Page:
ate and distinct edifices, locally known by the names of the Old Capitol and the Carroll buildings, and were situated, the first, on the corner of Pennsylvania avenue and East First street, and the other on the corner of Maryland avenue and East First--a block apart, and both facing the Capitol building and East Capitol Park. The Old Capitol was so named from having been the temporary meeting-place of both Houses, I believe, after the destruction of the Capitol buildings by the English under Ross, in the war of 1812, and the other from its having been the property of the Carroll family, descendants of him of Carrollton-vide the signatures to the Declaration of Independence. Of course the use to which they were devoted in the late war was far enough from that for which they were originally constructed, and, in fact, in their earlier and better days, they earned, historically, a higher reputation than many more pretentious Washington edifices. The Old Capitol, especially, after its ab
Ulysses S. Grant, Personal Memoirs of U. S. Grant, Headquarters moved to Memphis-on the road to Memphis-escaping Jackson-complaints and requests-halleck appointed commander-in-chief --return to Corinth — movements of Bragg- surrender of Clarksville — the advance upon Chattanooga-Sheridan Colonel of a Michigan regiment (search)
e of General Halleck there was much fighting between small bodies of the contending armies, but these encounters were dwarfed by the magnitude of the main battles so as to be now almost forgotten except by those engaged in them. Some of them, however, estimated by the losses on both sides in killed and wounded, were equal in hard fighting to most of the battles of the Mexican war which attracted so much of the attention of the public when they occurred. About the 23d of July Colonel [L. F.] Ross, commanding at Bolivar, was threatened by a large force of the enemy so that he had to be reinforced from Jackson and Corinth. On the 27th there was skirmishing on the Hatchie River, eight miles from Bolivar. On the 30th I learned from Colonel P. H. Sheridan, who had been far to the south, that Bragg in person was at Rome, Georgia, with his troops moving by rail (by way of Mobile) to Chattanooga and his wagon train marching overland to join him at Rome. Price was at this time at Holly Spri
Ulysses S. Grant, Personal Memoirs of U. S. Grant, Headquarters moved to Holly Springs-General McClernand in command-assuming command at Young's Point-operations above Vicksburg- fortifications about Vicksburg-the canal- Lake Providence-operations at Yazoo pass (search)
verflowed. This pass leaves the Mississippi River but a few miles below Helena. On the 24th General Ross, with his brigade of about 4,500 men on transports, moved into this new water-way. The rebelir removal was a matter of great labor; but it was finally accomplished, and on the 11th of March Ross found himself, accompanied by two gunboats under the command of Lieutenant-Commander Watson Smithopposite Helena, or six miles above the former cut. It did not accomplish the desired result, and Ross, with his fleet, started back. On the 22d he met [General Isaac F.] Quinby with a brigade at Yazoo Pass. Quinby was the senior of Ross, and assumed command. He was not satisfied with returning to his former position without seeing for himself whether anything could be accomplished. Accordingl command, returned with but little delay. In the meantime I was much exercised for the safety of Ross, not knowing that Quinby had been able to join him. Reinforcements were of no use in a country co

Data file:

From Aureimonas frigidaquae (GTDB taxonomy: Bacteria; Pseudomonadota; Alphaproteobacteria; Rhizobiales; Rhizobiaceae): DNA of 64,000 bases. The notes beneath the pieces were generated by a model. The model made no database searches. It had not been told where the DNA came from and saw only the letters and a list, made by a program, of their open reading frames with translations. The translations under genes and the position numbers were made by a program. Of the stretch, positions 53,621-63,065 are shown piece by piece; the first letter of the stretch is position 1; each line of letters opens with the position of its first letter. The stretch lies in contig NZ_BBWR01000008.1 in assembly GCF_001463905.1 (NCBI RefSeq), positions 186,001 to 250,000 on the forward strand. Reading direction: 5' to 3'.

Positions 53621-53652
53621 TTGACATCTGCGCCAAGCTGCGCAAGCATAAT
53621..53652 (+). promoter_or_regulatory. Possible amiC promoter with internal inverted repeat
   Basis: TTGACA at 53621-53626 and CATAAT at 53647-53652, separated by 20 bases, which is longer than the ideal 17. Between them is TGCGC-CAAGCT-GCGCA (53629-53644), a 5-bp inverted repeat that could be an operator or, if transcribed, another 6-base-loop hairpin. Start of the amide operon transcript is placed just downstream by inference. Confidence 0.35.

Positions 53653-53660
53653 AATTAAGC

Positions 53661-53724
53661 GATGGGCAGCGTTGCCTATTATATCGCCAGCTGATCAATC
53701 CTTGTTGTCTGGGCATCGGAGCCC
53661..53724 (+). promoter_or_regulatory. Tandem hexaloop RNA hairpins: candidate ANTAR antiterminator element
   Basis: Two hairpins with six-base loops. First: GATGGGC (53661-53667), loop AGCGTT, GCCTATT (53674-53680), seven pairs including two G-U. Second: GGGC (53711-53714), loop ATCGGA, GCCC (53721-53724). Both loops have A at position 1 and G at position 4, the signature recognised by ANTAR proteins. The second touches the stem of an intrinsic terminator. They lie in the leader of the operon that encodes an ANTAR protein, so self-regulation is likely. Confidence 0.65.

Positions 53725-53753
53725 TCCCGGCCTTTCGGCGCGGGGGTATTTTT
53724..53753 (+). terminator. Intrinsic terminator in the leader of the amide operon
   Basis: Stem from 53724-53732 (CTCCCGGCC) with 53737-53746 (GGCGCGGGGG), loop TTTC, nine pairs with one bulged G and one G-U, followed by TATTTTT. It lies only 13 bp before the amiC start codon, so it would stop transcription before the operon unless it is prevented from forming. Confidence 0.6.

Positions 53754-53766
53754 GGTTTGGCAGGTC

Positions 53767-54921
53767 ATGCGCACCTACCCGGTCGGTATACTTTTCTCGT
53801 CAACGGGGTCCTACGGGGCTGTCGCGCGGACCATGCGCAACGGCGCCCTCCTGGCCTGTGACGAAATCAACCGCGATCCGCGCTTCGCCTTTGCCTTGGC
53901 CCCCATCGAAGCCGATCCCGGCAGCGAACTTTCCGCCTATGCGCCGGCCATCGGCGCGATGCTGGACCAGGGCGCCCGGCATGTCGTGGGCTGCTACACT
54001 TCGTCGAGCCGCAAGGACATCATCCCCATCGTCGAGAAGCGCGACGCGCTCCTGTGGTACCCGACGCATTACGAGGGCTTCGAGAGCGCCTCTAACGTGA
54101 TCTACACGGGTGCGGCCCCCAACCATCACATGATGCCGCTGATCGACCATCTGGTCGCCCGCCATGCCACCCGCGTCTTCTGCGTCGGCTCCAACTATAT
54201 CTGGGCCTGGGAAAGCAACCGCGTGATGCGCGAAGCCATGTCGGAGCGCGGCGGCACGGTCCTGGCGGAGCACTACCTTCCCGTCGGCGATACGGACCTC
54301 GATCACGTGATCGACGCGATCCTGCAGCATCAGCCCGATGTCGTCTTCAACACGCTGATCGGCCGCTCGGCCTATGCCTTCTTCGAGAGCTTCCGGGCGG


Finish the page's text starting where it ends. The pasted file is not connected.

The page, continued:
Ulysses S. Grant, Personal Memoirs of U. S. Grant, Grand movement of the Army of the Potomac- crossing the Rapidan-entering the Wilderness- battle of the Wilderness (search)
rtillery. Cutshaw's Battalion. Charlotteville artillery. Staunton artillery. Courtney artillery. Carter's Battalion. Morris artillery. Orange artillery. King William artillery. Jeff Davis artillery. Nelson's Battalion. Amherst artillery. Milledge artillery. Fluvauna artillery. Brown's Battalion. Powhatan artillery. 2d Richmond Howitzers. 3d Richmond Howitzers. Rockbridge artillery. Salem flying artillery. Col. R. L. Walker's division. Cutt's Battalion. Ross's Battery. Patterson's Battery. Irwin artillery. Richardson's Battalion. Lewis artillery. Donaldsonville artillery. Norfolk light artillery. Huger artillery. McIntosh's Battalion. Johnson's Battery. Hardaway artillery. Danville artillery. 2d Rockbridge artillery. Pegram's Battalion. Peedee artillery. Fredericksburg artillery. Letcher artillery. Purcell Battery. Crenshaw's Battery. Poague's Battalion. Madison artillery. Albemarle artillery. Brooke artillery.
improvident, who had no luncheon provided, had to endure the pangs of hunger; and when children were of the number their cries added additional annoyance to passengers. We had, among others, as travelling companions, the Hon. and Mrs. S. S. Cox. Mr. Cox was then a member of Congress from Ohio, and was full of life and good stories, which he told so well that he made everybody cheerful and enabled many to forget their discomfort. Others included the eloquent Dick Barrett, of Saint Louis; Colonel Ross and J. C. Robinson, members of Congress from Illinois; Mr. and Mrs. Oscar Turner, of Louisville, Kentucky; Mr. and Mrs. Stillwell, of Indiana. The Relay House was then the last stopping-place for meals before reaching Washington. Hungry and weary, we all responded with avidity to the supper-call, entering the typical Southern dining-room of the hotel, to be served with a delicious Southern supper of fried chicken, corn bread, baked sweet potatoes, fresh biscuit, butter, honey, tea, a